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in Journal of the American Veterinary Medical Association

, stress (eg, Cesarean section), premature parturition, or undernourishment of a bitch may lead to insufficient milk yield. 3 Certain drugs or hormones (eg, slow-release deslorelin implants or cabergoline) administered during pregnancy or lactation may

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in American Journal of Veterinary Research

Abstract

Objective—To evaluate changes in protein and nutrient composition of milk throughout lactation in dogs.

Sample Population—Milk samples collected from 10 lactating Beagles.

Procedure—Milk samples were collected on days 1, 3, 7, 14, 21, 28, 35, and 42 after parturition and analyzed to determine concentrations of nitrogen, nonprotein nitrogen, casein, whey proteins, amino acids, lipids, lactose, citrate, minerals, and trace elements. Optimum conditions for separating casein from whey proteins and distribution of milk proteins throughout lactation were assessed by use of polyacrylamide gel electrophoresis.

Results—Protein concentration was high in samples collected on day 1 (143 g/L), decreased through day 21 (68.4 g/L), and increased thereafter. Concentration of nonprotein nitrogen did not change throughout lactation (5.7 to 9.9% of total nitrogen content). Casein-towhey ratio was approximately 70:30 and remained constant throughout lactation. Lactose concentration increased from 16.6 g/L on day 1 to 34.0 to 40.2 g/L on days 7 to 42. Lipid concentration ranged from 112.5 to 137.2 g/L. Citrate concentration increased from day 1 (4.8 mM) to day 7 (6.6 mM), then gradually decreased until day 42 (3.9 mM). Iron, zinc, copper, and magnesium concentrations decreased during lactation, whereas calcium and phosphorus concentrations increased. Calcium-to-phosphorus ratio remained constant throughout lactation (approx 1.6:1). Energy content of milk ranged from 1,444 to 1,831 kcal/L.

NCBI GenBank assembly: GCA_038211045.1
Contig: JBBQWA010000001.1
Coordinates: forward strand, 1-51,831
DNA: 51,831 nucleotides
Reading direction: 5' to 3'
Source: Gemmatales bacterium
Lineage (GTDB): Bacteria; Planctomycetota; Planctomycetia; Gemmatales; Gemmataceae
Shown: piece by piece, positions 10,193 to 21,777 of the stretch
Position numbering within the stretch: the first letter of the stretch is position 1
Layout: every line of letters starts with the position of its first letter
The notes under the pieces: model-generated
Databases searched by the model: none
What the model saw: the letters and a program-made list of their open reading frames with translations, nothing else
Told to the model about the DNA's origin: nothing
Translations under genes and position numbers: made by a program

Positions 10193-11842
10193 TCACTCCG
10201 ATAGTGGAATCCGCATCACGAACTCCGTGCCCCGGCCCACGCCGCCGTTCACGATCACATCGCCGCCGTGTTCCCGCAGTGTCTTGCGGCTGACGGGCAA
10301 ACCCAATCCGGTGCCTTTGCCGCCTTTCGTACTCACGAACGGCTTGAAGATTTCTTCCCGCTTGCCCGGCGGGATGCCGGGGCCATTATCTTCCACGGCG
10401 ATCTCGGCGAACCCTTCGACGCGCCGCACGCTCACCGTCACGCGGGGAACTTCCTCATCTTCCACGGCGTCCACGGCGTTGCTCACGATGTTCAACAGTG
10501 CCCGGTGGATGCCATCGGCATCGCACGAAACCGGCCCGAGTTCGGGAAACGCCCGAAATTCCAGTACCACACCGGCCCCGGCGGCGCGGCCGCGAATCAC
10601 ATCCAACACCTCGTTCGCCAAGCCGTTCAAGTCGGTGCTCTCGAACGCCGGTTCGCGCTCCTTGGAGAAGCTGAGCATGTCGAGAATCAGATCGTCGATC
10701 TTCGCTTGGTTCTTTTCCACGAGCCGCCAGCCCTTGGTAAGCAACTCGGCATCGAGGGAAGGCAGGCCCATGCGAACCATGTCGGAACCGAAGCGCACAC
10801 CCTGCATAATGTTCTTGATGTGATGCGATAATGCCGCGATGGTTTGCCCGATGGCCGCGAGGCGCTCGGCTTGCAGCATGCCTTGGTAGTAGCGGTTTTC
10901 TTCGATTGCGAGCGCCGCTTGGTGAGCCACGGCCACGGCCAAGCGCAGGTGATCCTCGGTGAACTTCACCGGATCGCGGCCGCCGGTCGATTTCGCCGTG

Conclusions and Clinical Relevance—Protein and nutrient composition of milk changes throughout lactation in dogs. These data can provide valuable information for use in establishing nutrient requirements of puppies during the suckling period. (Am J Vet Res 2001;62:1266–1272)

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in American Journal of Veterinary Research

Objective—

To determine whether treating cows with antimicrobials at the end of lactation would lower the incidence of clinical mastitis, improve milk production, and decrease somatic cell count (SCC) in the subsequent lactation.

Design—

Randomized blind field trial.

Animals—

233 Holstein cows from a single herd. All cows were in lactation 2 or greater.

Procedure—

Cows were randomly assigned to treatment groups. Treated cows were given procaine penicillin G and novobiocin by intramammary infusion. Control cows were not treated. Farm personnel recorded cases of clinical mastitis. Milk yield and SCC were recorded during the subsequent lactation.

Results—

Treatment did not significantly reduce the incidence of clinical mastitis when data for all cows were grouped or when data were stratified by lactation groups (lactation 2 vs lactation ≥ 3) or by last SCC (≤ 500,000 cells/ml vs > 500,000 cells/ml). Somatic cell counts (first, mean of first 5, maximum of first 5) for treated and control cows were similar, and proportions of treated and control cows with SCC > 500,000 cells/ml at least once were not significantly different. Treated cows produced 179 kg (394 lb) more milk during the first 17 weeks of lactation than did control cows.

Clinical Implications—

Treating cows with antimicrobials at the end of lactation increased 17-week milk production during the subsequent lactation and, at current milk prices, was financially preferable to not treating them. (J Am Vet Med Assoc 1997;211:207–211)

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in Journal of the American Veterinary Medical Association